OLYMPIA, Wash. — On Tuesday the Senate Labor and Commerce Committee heard testimony from injured workers pushing for the right to record state-mandated medical exams.
When workers in the state of Washington become injured on the job, the Washington State Department of Labor and Industries (L&I) typically orders the worker to undergo an exam by a state-paid doctor, in what are known as Independent Medical Exams (IMEs).
But for years, workers and their attorneys have complained the exams are unfair, lack transparency, and are used to cut off worker compensation benefits. Allowing recordings, according to those in favor of House Bill 1068, sponsored by Rep. Dan Bronoske (D-Lakewood), would level the playing field, and would eliminate discrepancies about what actually happened during exams.
The bill states that injured workers would have the “right to record the audio, video, or both,” and that the worker would be “responsible for paying for the costs of recording.” The bill also affords the injured worker the right to “have one person…to be present to observe (and record) all examinations.”
Currently, by statute, such recordings are not allowed.
Robert Canfield, of Battleground, Wash., traveled to Olympia to testify before the committee about the workplace back injury he suffered in 2009 while moving heavy equipment to clean up after a fire. He said the accident was traumatic, as well as the way he was treated by state-hired doctors during IMEs. Canfield said he believed the exams were meant to discredit him and cut off his benefits.
“In the paperwork (the doctor) said ‘Mr. Canfield is a liar. There’s nothing wrong with him,’” said Canfield, age 63. “There was nothing there to protect me in (the exams.) It’s my word against his.”
Last year the KING 5 Investigators exposed how a state-paid psychiatrist allegedly sexually harassed injured workers during IMEs. At least 14 complaints were issued to L&I over more than a decade about the practices of Dr. Douglas Robinson of Seattle, according to state records. Injured workers and their attorneys accused Robinson of being “unprofessional,” and asking “intrusive questions,” such as “what is your favorite sexual position?”
Cheryl Riley of Inchelium, Wash., near Spokane, was injured with a severe concussion while working at Washington State University in 2018. She was sent to Dr. Robinson to ascertain if the accident had caused PTSD. But Riley, age 71, said he questioned her about sexual topics that didn’t have anything to do with a concussion or a workplace injury.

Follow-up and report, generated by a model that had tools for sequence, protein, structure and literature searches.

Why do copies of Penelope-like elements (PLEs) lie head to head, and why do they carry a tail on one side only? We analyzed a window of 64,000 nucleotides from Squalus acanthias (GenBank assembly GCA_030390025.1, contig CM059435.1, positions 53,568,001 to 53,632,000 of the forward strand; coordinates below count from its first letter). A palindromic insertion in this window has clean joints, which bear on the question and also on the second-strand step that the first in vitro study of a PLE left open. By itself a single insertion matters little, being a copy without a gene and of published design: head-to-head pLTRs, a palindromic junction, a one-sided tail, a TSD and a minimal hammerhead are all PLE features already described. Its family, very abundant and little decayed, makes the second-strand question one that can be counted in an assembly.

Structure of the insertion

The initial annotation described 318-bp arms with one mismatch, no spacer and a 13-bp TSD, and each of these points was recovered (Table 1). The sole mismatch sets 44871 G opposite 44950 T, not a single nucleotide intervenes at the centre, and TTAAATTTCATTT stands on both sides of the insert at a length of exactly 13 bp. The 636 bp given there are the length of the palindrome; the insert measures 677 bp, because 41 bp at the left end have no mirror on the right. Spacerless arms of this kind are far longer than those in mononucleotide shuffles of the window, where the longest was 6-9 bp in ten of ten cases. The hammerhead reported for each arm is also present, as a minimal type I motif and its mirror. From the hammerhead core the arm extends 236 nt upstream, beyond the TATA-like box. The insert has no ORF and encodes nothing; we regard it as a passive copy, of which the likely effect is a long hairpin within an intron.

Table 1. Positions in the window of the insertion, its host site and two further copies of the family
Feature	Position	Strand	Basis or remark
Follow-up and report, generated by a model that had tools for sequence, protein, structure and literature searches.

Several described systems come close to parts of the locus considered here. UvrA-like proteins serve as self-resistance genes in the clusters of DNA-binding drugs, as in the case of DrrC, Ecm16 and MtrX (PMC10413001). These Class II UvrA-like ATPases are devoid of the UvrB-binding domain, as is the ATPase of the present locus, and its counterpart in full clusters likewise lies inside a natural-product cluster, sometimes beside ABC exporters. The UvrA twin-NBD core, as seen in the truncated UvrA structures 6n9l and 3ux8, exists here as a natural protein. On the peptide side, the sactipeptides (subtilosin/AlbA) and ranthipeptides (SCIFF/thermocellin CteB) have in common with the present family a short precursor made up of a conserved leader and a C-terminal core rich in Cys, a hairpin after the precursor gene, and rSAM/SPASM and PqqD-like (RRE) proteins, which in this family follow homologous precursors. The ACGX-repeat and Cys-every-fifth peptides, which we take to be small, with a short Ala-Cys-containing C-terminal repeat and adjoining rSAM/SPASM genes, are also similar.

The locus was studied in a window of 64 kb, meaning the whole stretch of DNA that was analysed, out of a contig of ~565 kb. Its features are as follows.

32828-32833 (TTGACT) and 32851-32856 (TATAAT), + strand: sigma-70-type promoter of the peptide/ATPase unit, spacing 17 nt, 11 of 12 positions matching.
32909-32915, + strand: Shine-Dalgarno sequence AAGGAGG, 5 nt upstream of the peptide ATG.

“He asked, ‘When was the last time you had sexual relations?’" said Riley. “So I said, ‘Well it’s been a long time. I’ve been divorced for a lot of years.’ And he looked at me again, really hard and he said: ‘When was the last time you had sexual relations with someone?’ And I got scared. It was like he gave me PTSD all over again.”
Without a recording, it was his word against Riley’s and others who filed complaints. Dr. Robinson denied ever asking patients about their sex lives. He was never disciplined by L&I.
“He denied everything. He denied that he ever asked me those questions and of course, I couldn’t tape anything because it says on the (state form) that you’re not allowed to,” Riley said.
Edmonds-based attorney Bill Hochberg testified this case is proof that the proposed legislation is needed.
“It is a prime example. Without it, examiners like Dr. Robinson are able to fudge, tell things to injured workers like ‘Yes, we’re going to support your claim,’ and then do just the opposite when the report comes out. That is unfair to injured workers and they should not be played like that,” Hochberg said.
Opponents of the bill included representatives from the Washington Retail Association, the Washington Hospitality Association, and the Washington Self-Insurers Association. They argued recordings of exams would be in conflict with current law that disallows recordings. They also said recordings could infringe on people’s privacy and could end up on social media platforms such as YouTube and Instagram.
A psychologist testified the presence of a friend or family member recording with a cell phone would interfere with exams and inhibit the workers’ ability to speak about embarrassing or extremely private issues.
“Workers are not going to be willing to discuss their most sensitive issues in the presence of a recording or in the presence of a friend or family member (attending an exam),” said Seattle-based psychologist Dr. Wendy Marlowe.
Canfield, the injured worker who eventually was found by the state to be permanently disabled, testified one of his IMEs resulted in further injury. He testified that in 2017, a state-hired chiropractor broke his hip during an exam, but the doctor denied any culpability.
“I heard it pop so I knew something was wrong. I screamed out. (The doctor) even wrote in his report that I screamed but he didn’t know why. If there would have been a camera there, everybody would know why,” said Canfield.
The bill has already passed the House and now rests with the Senate Labor and Commerce Committee. The members have until March 29 to vote on the initiative.
A survey conducted by Washington state trial lawyers shows recording IMEs is allowed in every state in the country except two: Michigan and Washington.
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